A Quick Guide to Setting Granite Countertop Prices At Your Shop

A Quick Guide to Setting Granite Countertop Prices At Your Shop

Article originally published January 3rd, 2012. Updated March 10, 2020.

One of the most common concerns granite fabricators have is coming up with a pricing list. If you own a countertop shop with several salespeople, are you sure you’d get the same price from each employee?

Since we help hundreds of countertop shops with estimating, we’ve seen a whole range of pricing methods. Here are a few methods to look for, and a few to look out for.

Granite Pricing Method #1: The Parking Lot Test

Some fabricators use what we call the “parking lot test” to figure out the price of a countertop. They look at your car and try to judge what you’re willing to spend

Since there’s more competition for kitchen remodels than ever before, this is increasingly rare. But still, this isn’t the way to go about pricing your countertops. Not only is it pretty grimey, but it sets you up for future problems.

It doesn’t take long for word to get out on the street that you charged the lawyer $10,000 but the teacher $4,000. Customers appreciate consistency, and if you end up doing multiple jobs for them, they’ll want to see that your pricing adds up.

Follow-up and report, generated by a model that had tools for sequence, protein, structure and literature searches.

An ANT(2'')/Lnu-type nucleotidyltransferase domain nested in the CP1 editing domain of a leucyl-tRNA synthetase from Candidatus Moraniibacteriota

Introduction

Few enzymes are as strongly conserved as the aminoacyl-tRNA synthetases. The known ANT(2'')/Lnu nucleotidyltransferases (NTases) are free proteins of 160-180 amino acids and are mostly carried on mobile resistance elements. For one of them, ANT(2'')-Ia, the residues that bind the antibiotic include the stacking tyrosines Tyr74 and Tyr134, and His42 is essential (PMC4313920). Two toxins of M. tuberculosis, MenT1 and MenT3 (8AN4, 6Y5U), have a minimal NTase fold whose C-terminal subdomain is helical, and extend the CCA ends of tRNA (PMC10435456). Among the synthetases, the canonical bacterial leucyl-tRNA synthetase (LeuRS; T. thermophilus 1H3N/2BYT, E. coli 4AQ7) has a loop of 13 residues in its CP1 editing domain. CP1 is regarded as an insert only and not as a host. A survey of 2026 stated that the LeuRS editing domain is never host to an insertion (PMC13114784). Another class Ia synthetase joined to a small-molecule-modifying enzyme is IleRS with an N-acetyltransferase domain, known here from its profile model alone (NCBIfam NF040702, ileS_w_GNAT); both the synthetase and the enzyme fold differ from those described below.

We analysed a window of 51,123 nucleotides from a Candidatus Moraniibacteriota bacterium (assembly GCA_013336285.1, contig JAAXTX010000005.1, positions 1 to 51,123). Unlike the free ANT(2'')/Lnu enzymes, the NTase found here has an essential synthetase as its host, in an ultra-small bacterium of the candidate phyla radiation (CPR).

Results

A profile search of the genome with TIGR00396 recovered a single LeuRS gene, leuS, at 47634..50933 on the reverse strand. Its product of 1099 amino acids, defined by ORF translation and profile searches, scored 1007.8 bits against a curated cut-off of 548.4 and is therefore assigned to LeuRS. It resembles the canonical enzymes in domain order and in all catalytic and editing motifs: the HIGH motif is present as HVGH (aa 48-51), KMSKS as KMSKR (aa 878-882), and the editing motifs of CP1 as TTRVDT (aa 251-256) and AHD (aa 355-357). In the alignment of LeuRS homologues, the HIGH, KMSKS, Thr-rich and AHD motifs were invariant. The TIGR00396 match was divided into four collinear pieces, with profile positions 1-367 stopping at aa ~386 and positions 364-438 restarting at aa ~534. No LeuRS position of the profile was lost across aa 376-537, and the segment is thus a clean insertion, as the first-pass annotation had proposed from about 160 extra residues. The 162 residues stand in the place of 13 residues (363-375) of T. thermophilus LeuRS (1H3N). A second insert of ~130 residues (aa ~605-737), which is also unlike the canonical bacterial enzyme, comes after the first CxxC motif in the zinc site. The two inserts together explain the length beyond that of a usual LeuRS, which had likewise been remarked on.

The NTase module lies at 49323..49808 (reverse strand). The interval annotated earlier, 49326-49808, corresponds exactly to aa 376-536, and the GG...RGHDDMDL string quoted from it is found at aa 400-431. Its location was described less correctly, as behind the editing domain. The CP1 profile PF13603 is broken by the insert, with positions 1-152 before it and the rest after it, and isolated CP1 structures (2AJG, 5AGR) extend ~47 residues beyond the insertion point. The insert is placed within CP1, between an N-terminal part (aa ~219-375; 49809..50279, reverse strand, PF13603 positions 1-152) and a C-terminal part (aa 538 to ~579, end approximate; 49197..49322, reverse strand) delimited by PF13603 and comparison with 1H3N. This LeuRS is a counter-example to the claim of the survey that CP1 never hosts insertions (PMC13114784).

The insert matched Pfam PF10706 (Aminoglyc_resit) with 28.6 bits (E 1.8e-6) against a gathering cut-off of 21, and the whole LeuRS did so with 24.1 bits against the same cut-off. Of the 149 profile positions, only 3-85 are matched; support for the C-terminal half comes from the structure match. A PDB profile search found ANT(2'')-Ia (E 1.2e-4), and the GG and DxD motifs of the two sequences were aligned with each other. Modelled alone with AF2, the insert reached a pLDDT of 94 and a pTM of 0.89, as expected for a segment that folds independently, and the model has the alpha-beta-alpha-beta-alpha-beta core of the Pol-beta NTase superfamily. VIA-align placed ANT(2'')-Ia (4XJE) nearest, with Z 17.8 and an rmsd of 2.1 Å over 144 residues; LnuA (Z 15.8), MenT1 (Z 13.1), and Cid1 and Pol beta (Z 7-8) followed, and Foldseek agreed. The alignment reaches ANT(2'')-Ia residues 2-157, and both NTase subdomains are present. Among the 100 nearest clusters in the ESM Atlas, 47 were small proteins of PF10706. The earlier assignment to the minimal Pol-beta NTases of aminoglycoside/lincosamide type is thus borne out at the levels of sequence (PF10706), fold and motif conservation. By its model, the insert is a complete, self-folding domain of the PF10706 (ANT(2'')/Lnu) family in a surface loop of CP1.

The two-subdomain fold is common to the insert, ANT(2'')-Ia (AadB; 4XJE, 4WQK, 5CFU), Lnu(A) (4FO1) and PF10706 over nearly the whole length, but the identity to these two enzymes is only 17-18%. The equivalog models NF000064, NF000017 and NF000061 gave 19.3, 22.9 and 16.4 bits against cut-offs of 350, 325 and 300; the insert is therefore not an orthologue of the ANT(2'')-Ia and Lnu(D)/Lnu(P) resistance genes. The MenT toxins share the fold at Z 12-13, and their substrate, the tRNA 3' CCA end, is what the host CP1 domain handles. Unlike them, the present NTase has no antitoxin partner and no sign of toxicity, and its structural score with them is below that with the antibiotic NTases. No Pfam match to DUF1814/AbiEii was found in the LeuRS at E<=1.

Granite Pricing Method #2: From $29/sqft

In many cases, advertising $29/sqft is the ultimate bait & switch. Sure, it’s only $29 per square foot if your only kitchen countertop is a perfect rectangle and you want a pre-fabricated bullnose edge profile.

Chances are, your customers will have something more complex. When you’re done measuring and your customer is done selecting a color that doesn’t make them dizzy every time they look at it, you’re no longer anywhere close to the advertised price.

If hardly any kitchens are going to fit into the bottom rung, why risk your reputation by advertising it?

But I won’t get any feet in the door if I don’t put out a showstopper price! 

We hear you. But perhaps advertising price isn’t the way to go about it in the first place. More on that shortly...

Granite Pricing Method #3: Incredibly Complex Formula

We often see the noblest of fabricators try to figure their production costs down to the penny.

Once they’ve settled on that number, they add a profit margin, and the end result is the price they charge the customer.

This sounds like a great pricing method… in theory. The problem with the incredibly complex formula is that you’ll never truly know the exact cost of a job before it’s done. And customers demand an estimate before you begin.

So while this system attempts to be fair based on projected costs, those costs are subject to change.

Granite Pricing Method #4: The Open Book

Granite fabricators who use the open book method create an estimate that’s basically a price list.